General Slatery, when the U.S. Constitution becomes meaningless as respects the extent of the federal judiciary’s powers, then every other power in the U.S. Constitution and those of the states is, in principle, meaningless.

Please don’t be dissuaded from the conflict over the power the U.S. Supreme Court purported to exercise in Obergefell because the underlying policy issue is controversial. Don’t let our state’s sovereignty under the U.S. Constitution be destroyed.

Insist, too, that our state courts acknowledge the limits of their own power under the state’s constitution. Stop telling them that they are free to interpret “male” to mean “female” and free to substitute into our statutes a relationship defined without regard to the sex of the parties for one the Legislature specifically defined with regard to the sex of the parties. That is not the judiciary’s job to substitute into policy an objectively different kind of relationship for the one that is in the law, and according to quotes in your amicus brief, you know that.

The showdown between the states and the U.S. Supreme Court and between the legislative and judicial branches is long overdue. So, I remind you, sir, as Patrick Henry said on March 23, 1775, to his fellow citizens as battle loomed with a different, though similarly tyrannical, power, “The war is inevitable and let it come! I repeat it, sir, let it come.”


David Fowler served in the Tennessee state Senate for 12 years before joining FACT as President in 2006. Read David’s complete bio.

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‘Drag Queen Story Hour’ More Than Make-Believe

The latest educational fad arrived in Clarksville, Tennessee, last week. It’s “Drag Queen Story Hour.” Before it comes to your public library or the public school attended by your child or grandchild, you better understand what’s so insidious about this movement. Thankfully, there is a way to address this.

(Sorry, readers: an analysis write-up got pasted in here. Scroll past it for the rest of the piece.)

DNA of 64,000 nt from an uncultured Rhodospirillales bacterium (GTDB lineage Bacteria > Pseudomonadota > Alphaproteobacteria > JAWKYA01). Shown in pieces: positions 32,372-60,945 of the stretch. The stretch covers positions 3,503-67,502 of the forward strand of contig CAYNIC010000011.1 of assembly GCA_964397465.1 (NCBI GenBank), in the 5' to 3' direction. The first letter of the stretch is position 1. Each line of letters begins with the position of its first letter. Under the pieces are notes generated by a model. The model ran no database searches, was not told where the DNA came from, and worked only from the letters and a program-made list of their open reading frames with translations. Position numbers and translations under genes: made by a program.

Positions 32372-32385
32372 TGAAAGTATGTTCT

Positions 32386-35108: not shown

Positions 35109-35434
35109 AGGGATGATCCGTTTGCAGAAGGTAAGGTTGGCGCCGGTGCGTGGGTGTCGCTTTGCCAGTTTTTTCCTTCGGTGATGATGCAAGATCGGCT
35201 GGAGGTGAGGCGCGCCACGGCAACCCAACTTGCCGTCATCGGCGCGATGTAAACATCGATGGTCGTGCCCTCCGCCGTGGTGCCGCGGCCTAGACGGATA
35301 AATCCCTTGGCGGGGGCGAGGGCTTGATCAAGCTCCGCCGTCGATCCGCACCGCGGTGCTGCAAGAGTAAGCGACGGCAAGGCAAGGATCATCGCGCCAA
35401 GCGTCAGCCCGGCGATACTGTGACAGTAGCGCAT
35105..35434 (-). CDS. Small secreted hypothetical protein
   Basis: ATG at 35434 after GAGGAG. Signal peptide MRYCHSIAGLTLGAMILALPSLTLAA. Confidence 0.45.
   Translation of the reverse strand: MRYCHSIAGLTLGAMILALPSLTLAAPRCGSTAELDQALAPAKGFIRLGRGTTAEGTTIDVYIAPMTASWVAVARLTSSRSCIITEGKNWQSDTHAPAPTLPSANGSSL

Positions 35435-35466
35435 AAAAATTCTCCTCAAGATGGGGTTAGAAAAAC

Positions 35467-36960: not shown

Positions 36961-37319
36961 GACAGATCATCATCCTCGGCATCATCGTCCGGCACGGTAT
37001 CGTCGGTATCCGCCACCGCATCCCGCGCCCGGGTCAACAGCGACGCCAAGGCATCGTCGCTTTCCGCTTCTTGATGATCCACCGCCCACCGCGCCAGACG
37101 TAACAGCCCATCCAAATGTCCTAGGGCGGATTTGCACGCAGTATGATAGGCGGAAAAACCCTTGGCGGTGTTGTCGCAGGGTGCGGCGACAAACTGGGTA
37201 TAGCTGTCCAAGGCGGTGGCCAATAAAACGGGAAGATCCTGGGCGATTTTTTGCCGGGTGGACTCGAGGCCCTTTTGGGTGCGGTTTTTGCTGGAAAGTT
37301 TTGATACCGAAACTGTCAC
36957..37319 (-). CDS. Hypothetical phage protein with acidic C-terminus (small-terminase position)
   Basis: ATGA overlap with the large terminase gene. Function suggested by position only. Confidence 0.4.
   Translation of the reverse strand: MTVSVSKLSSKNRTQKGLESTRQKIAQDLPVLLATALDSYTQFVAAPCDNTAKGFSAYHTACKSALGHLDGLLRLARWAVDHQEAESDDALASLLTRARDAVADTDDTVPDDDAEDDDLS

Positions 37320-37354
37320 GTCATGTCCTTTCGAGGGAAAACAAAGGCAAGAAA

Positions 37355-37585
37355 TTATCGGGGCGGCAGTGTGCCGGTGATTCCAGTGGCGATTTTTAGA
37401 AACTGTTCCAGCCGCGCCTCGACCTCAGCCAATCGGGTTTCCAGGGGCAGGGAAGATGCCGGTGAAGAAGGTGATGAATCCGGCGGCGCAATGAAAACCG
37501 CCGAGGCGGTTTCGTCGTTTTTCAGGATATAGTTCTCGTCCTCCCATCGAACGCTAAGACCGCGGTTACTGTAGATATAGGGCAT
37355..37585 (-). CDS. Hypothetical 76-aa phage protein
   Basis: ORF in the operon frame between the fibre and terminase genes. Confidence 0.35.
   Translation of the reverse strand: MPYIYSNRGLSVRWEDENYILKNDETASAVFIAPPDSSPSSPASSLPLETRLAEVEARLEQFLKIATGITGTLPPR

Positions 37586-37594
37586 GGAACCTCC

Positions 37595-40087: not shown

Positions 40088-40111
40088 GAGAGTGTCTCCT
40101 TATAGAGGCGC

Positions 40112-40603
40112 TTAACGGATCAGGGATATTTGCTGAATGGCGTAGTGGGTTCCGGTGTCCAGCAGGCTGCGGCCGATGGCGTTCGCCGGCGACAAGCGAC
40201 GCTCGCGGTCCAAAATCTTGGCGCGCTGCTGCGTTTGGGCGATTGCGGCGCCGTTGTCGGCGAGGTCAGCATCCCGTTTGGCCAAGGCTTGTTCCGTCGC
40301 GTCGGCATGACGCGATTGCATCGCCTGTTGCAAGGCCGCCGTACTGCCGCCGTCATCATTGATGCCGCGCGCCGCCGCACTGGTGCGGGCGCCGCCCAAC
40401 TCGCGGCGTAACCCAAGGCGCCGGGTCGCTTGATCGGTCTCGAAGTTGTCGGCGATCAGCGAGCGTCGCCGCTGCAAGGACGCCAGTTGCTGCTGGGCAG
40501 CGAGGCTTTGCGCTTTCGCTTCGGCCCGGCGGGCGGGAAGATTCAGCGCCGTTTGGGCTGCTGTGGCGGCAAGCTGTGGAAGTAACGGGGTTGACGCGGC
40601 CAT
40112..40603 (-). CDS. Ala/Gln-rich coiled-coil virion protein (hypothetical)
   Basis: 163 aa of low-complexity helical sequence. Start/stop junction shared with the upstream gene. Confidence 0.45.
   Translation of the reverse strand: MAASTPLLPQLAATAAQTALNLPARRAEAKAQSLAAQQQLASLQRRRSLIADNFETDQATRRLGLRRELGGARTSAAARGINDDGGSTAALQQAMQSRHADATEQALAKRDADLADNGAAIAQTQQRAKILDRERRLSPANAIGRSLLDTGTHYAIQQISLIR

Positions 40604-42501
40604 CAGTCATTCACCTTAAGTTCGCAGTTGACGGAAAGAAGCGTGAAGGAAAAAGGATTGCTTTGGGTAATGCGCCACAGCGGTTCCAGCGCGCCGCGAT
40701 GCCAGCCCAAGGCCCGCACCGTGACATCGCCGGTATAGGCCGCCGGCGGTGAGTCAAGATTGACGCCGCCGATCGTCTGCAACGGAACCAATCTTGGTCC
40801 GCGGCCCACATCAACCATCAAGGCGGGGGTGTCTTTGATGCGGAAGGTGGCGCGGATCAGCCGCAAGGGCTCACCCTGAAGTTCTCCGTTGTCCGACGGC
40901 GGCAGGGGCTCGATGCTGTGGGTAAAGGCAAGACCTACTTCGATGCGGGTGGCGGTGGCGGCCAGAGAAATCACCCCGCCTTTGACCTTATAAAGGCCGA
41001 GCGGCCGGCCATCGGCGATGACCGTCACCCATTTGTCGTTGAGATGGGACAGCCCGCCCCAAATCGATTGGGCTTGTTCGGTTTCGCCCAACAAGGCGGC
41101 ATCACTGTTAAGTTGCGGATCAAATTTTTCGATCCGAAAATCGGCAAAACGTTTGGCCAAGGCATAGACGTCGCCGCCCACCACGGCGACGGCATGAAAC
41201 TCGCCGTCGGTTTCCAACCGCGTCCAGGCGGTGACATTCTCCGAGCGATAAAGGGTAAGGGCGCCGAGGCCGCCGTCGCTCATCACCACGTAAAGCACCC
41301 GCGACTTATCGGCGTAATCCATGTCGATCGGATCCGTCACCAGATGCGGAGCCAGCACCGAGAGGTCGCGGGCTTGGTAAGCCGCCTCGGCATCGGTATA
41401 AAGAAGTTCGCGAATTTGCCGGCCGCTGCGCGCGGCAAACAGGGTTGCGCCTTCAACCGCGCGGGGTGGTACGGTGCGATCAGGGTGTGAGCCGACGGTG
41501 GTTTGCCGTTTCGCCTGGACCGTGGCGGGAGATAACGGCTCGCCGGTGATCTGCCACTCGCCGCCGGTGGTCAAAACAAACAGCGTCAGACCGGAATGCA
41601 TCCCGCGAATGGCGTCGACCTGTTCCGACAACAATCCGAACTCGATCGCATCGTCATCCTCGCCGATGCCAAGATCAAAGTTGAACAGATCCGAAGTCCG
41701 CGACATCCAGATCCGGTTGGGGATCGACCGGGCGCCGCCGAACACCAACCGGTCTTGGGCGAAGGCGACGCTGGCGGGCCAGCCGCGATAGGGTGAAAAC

“Drag Queen Story Hour” or, in the case of the event in Clarksville, “Rainbow Reading,” is a movement by LGBT advocacy groups, the purpose of which is to “capture[ ] the imagination and play of the gender fluidity of childhood and give[ ] kids glamorous, positive, and unabashedly queer role models.” It targets children ages 3 to 8.

Proponents want public libraries and the libraries in our public schools to have gender-themed books. So, parents, be on the lookout for books like Jacob’s New Dress and Red: A Crayon’s Story.

The Usual Defense Defeats Itself

Here is one of the comments I saw on Facebook in defense of the program that was typical of so many:

Would it be different if it were “Halloween Costume Story Time? Do you let your kids dress up in costumes and pretend to be someone else for Halloween? There is no difference, except drag queens are really good at it. But we all know what this is really about . . . they are gay.

At first blush, this sounds like a response that would shut the mouth of the protesting parents who allow their children to dress up for Halloween. But the defense actually defeats itself. It acknowledges that this is not about “pretending to be someone else” but about being “gay.”